Most, if not all, patients I see present with pain – pain here, pain there, pain everywhere. I guess it’s one of those realizations that hit you after being in practice for some time. However, having pain as the most common chief complaint doesn’t make work any easier. A misconception I encountered during a recent out of town trip was when a doctor approached me asking what was the best drug to use when a patient complains of musculoskeletal pain. This was not the first time I encountered this. In fact, several colleagues and some past junior residents believed that rheumatology practice hinged on knowing the best combination of analgesics to deal with pain. It’s like they believe that “if a patient complains of pain then we should automatically give….”
However, far from being that simple, the most important step is to actually identify the source of the pain. The group is quite homogenous — pain can be further classified as nociceptive (arising from tissue damage), inflammatory (resulting from a process driven by inflammation), neuropathic (from lesions involving the nervous system) or dysfunctional (no tissue damage, no inflammation or lesions involving the nervous system but still causing significant pain – e.q. fibromyalgia). What’s more interesting is that different types of pain may co-exist in a single patient. In a patient with RA, for example, pain may arise from the inflammatory process and from the resulting joint damage. In osteoarthritis, the nociceptive pain from joint damage may at times have superimposed synovitis/ bursitis (inflammatory) or be complicated by fibromyalgia (dysfunctional). Only after identifying the pain mechanisms involved can the proper treatment then be started.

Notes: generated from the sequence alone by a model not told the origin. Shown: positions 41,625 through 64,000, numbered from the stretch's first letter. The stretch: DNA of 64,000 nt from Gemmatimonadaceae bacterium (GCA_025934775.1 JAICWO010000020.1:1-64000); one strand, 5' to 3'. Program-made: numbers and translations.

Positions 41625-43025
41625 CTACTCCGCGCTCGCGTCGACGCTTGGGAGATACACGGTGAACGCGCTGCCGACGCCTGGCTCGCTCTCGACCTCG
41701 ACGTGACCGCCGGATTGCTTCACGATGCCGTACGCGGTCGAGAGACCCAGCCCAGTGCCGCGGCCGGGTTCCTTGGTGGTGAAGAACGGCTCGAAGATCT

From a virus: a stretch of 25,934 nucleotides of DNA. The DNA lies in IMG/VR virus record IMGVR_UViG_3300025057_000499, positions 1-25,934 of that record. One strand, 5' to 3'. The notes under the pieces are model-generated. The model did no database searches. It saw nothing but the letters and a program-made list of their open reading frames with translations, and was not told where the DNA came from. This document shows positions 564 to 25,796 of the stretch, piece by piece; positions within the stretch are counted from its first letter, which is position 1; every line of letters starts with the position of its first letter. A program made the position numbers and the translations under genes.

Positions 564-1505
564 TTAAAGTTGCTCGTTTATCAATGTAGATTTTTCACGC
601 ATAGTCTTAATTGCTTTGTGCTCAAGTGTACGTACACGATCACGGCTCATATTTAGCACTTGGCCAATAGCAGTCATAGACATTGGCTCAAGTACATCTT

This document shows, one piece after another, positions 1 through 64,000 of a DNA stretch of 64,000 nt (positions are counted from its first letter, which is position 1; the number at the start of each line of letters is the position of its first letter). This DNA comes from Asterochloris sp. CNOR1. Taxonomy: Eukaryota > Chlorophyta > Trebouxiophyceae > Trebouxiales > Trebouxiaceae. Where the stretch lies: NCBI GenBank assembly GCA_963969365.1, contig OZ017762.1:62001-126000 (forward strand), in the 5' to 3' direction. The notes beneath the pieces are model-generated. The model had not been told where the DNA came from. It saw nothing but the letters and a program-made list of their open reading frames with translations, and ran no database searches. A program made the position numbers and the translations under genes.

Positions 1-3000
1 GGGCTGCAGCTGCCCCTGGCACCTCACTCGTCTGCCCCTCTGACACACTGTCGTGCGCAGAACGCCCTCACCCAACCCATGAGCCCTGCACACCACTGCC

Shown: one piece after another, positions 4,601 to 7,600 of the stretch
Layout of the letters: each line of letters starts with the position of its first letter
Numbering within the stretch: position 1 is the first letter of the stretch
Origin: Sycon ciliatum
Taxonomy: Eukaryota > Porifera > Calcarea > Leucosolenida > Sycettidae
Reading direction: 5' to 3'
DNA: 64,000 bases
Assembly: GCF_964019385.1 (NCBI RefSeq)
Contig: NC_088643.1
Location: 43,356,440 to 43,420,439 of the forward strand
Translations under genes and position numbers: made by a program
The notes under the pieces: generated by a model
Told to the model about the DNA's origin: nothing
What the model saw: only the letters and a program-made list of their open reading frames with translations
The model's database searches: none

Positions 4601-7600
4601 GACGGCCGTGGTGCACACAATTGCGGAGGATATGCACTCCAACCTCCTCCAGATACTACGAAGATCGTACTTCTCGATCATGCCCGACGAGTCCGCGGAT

Neuropathic pain may co-exist in a lot of patients with joint pains. When a patient with spinal pain, for example, fails to respond to an analgesic, the next action to be taken by physicians is either to increase the dose further or to shift to another analgesic class. But as pointed out by one study (Poitras et al, BMC Musculoskeletal Disorders 2008), one of the clinical barriers to successful treatment of spinal pain is failure to identify the neuropathic component. For chronic spinal pain (involving either the neck, upper back and lower back), as high as 35% of patients may have neuropathic symptoms. How then do we identify patients with neuropathic pain when there are several patients waiting in your clinic? We use screening tools.
Several tools are available to screen patients for neuropathic pain. The following are just some of them.
Probably one of the easiest to employ is ID Pain Questionnaire which consists of 6 questions that can be self-administered by the patient.
These questions are
Does the pain feel like pins and needles? (Yes = +1; No = 0)
Does the pain feel hot/ burning? (Yes = +1; No = 0)
Does the pain feel numb? (Yes = +1; No = 0)
Does the pain feel like electric-shocks? (Yes = +1; No = 0)
Is the pain made worse with the touch of clothing or bed sheets? (Yes = +1; No = 0)
Is the pain limited to your joints? (Yes = –1; No = 0)
A score of at least 2 means the patient may have neuropathic pain.
The SigN-PQ is another tool worth considering since is has been validated in the local dialect by its authors.
If the patient answers yes to any one of the N1 pain descriptors and yes to both the N2 and N3 Questions, then the patient most likely has neuropathic pain.
So the next time you are faced with a patient in pain not responding to initial analgesics you had prescribed, check if there is neuropathic pain involved.